PHILADELPHIA -- The Phillies had league-leading offensive firepower that did to the Dodgers what they did to the National League all season.More
In short, the Phillies had everything they needed to take down the Dodgers in five games in the NL Championship Series and advance to the World Series for the second straight year. "They did pretty much everything better than we did," Dodgers manager Joe Torre said in summing up the 2009 NLCS. The Phillies' offensive muscle stood out more than anything. They simply bludgeoned the Dodgers back to Los Angeles. The Phillies, despite hitting just .231, scored 35 runs in the five-game series, the fourth-most by a team in NLCS history. Their .500 slugging percentage was the third-highest and their 10 home runs tied for the fourth-most in an NLCS. No team has scored 35 runs or hit 10 home runs in an NLCS that went less than seven games. Ryan Howard led the way for most of the series and he was named the NLCS Most Valuable Player. But in Game 5, the second half of the lineup turned it on against Dodgers pitching. Jayson Werth, Raul Ibanez and Pedro Feliz were 4-for-41 with two home runs in the first four games of the series. On Wednesday night, they were 5-for-12 with three home runs and five RBIs. Werth hit two home runs, given him three for the series. "It was really a total team effort," Howard said after receiving his MVP trophy. Phillies manager Charlie Manuel brought up his offense immediately when asked what the difference was in the series.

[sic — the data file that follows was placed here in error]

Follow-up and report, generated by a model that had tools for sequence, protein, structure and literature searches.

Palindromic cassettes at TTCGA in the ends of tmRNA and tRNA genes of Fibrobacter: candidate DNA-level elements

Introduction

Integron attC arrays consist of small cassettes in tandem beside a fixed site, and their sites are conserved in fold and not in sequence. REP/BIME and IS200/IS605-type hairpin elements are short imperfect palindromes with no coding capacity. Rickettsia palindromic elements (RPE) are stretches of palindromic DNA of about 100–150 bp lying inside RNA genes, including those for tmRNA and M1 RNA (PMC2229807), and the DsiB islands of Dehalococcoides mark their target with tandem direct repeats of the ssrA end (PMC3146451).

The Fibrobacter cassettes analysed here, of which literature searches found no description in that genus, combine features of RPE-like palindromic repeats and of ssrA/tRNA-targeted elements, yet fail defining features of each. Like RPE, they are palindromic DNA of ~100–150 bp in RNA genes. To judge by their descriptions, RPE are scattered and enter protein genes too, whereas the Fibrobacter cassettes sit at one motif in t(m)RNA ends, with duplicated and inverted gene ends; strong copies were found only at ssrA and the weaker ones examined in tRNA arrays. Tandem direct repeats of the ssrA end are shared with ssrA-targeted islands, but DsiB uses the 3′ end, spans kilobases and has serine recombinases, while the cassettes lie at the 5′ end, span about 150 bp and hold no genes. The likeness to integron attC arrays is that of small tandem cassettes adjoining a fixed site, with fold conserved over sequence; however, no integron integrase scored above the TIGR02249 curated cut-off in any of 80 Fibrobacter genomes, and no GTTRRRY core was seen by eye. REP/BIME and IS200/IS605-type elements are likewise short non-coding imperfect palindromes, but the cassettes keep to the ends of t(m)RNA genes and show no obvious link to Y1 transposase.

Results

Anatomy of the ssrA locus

"First of all we were able to score runs," Manuel said. "Our lineup is outstanding when we're hitting. We hit spurts sometimes, and of course every team does that. But at the same time, I think if you look down through our lineup, we've got guys that are dangerous, and our power shows up, even in our seventh hole. "A lot of times we win games just because of our power and the fact that we can hit the ball out of the ballpark. We need to be a little bit more consistent ... but right now for the National League I think we're outstanding, and we can stay after you, and we could put a big number on you any time during the game." The Dodgers just couldn't match the Phillies' firepower. Manny Ramirez had a two-run home run in Game 1, but those were his only two RBIs of the series. Rafael Furcal was 3-for-21 at the top of the order and did not score a run. For the series, the Dodgers batted just .194 with runners in scoring position while producing 16 runs in five games. "I think everybody did a great job," Ramirez said. "Last year was a learning experience for a lot of players. We played great, but we didn't come through this year. We played a better team." The series obviously turned in the ninth inning of Game 4. The Dodgers had a 4-3 lead with closer Jonathan Broxton on the mound and were 78-3 during the regular season when they had a lead going into the ninth inning. But the Phillies rallied to win on Jimmy Rollins' two-out, two-run double. It was the pivotal moment of the series. If the Dodgers win that game, the series goes back to Los Angeles. The Dodgers could not recover from that. Their bullpen was supposed to be their advantage but it let them down twice in crucial moments. Left-handed reliever George Sherrill gave up a three-run home run to Ibanez in Game 1 that provided the winning margin in an 8-6 loss.
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|2000||Yankees||Lost to Diamondbacks|
|1995||Braves||Lost to Yankees|
|1992||Blue Jays||Defeated Phillies|
|1989||A's||Lost to Reds|
|1970||Orioles||Lost to Pirates|
T.R. Sullivan is a reporter for MLB.com. This story was not subject to the approval of Major League Baseball or its clubs.Less